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Ohio AG joins another lawsuit to stop federal COVID vaccination mandate

(The Center Square) – Ohio Attorney General Dave Yost kept pressure on the Biden administration this week by joining a lawsuit challenging the federal COVID-19 vaccination mandate for health care employees.

Yost signed onto a federal lawsuit filed in Louisiana that wants the Centers for Medicare and Medicaid Services' mandate declared illegal. Yost said the mandate affects about 17 million people across the country working full- and part-time jobs at hospitals, nursing facilities, hospices and home health agencies.

“We have seen the challenges nursing homes and other facilities have had in retaining and recruiting staff,” Yost said. “This mandate, and the walkouts that will likely follow, will only make those challenges worse – leaving vulnerable Ohioans without adequate care.”

The latest action was the third lawsuit Yost either filed or joined attacking different parts of President Joe Biden’s COVID-19 vaccination mandate. The other two, one challenging the vaccination mandate for federal contractors and one challenging the requirement for a vaccine of private businesses with more than 100 employees, are in the U.S. Court of Appeals Sixth Circuit in Cincinnati.

“It’s an unlawful use of executive power,” Yost said,” The president does not have the authority to make health-care decisions for Americans.”

Twelve other states are part of the health care worker lawsuit, including Louisiana, Georgia, Montana, Arizona, Alabama, Idaho, Indiana, Mississippi, Oklahoma, South Carolina, Utah and West Virginia.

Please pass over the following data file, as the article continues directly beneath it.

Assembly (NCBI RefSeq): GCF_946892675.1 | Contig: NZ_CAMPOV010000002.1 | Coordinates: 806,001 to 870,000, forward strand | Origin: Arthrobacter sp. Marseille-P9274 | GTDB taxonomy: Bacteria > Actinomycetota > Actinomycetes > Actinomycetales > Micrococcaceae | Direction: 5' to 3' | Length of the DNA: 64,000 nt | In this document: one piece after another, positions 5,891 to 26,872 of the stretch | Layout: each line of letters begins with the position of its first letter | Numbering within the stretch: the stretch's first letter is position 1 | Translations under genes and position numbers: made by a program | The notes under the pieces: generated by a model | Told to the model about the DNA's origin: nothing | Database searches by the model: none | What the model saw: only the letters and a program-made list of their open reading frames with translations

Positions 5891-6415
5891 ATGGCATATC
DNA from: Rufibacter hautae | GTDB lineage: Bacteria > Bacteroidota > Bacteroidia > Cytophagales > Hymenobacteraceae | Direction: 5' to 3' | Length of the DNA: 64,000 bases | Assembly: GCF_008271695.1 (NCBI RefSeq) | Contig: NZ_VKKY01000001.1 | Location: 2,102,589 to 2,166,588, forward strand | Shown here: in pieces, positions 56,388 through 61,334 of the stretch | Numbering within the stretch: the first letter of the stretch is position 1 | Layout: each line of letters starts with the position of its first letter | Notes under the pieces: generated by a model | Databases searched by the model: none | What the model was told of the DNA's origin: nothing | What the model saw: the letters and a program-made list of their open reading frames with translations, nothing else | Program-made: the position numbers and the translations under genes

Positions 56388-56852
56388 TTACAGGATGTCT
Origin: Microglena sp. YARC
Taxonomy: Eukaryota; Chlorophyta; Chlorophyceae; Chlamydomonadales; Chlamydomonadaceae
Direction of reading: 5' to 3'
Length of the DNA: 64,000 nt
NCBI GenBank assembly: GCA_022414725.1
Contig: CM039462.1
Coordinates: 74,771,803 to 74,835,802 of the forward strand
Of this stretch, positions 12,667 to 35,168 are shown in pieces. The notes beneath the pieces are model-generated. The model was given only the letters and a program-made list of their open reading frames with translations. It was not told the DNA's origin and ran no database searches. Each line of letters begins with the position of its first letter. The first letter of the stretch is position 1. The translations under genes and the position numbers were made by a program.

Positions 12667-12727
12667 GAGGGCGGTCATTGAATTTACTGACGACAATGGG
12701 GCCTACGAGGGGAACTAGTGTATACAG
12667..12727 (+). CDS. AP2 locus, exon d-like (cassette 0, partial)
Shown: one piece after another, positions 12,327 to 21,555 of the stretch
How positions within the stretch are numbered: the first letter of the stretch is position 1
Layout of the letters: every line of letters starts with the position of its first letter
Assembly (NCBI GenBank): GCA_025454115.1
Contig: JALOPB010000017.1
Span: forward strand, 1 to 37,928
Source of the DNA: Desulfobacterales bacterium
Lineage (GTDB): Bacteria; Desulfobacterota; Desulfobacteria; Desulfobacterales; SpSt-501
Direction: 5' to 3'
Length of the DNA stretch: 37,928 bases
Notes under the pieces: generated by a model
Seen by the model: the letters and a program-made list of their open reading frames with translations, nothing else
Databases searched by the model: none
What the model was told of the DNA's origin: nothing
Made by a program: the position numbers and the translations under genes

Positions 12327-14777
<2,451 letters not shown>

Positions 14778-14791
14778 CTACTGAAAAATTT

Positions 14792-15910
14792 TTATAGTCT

The mandate applies to full-time employees, part-time employees, volunteers and contractors at health facilities that participate in Medicare and Medicaid programs. The regulation was issued earlier this month by the Centers for Medicare & Medicaid Services (CMS) and affects 76,000 health providers and 17 million workers.

Providers must develop a compliance policy by Dec. 6 and ensure all eligible staff receives the necessary shots to be fully vaccinated – either two doses of Pfizer or Moderna or one dose of Johnson & Johnson – by Jan. 4, according to CMS.

The Occupational Safety and Health Administration (OSHA) last week temporarily suspended enforcement of the Biden administration's private sector COVID-19 vaccination mandate.

The announcement came after the Fifth Circuit U.S. Courts of Appeals in New Orleans twice ordered implementation of the mandate halted, citing "grave" constitutional issues.

States, businesses and other groups filed 34 lawsuits against the Biden administration's mandate that private sector businesses with 100 or more employees require workers to be vaccinated against the coronavirus or face weekly testing. The policy also would impose nearly $14,000 in fines per employee if businesses are caught letting their workers skirt the directive.

The mandate was scheduled to go into effect Jan. 4 before the Fifth Circuit ordered the stay.

The lawsuits were consolidated by the U.S. Judicial Panel on Multidistrict Litigation and sent after a lottery to the Sixth U.S. Circuit Court of Appeals in Cincinnati.

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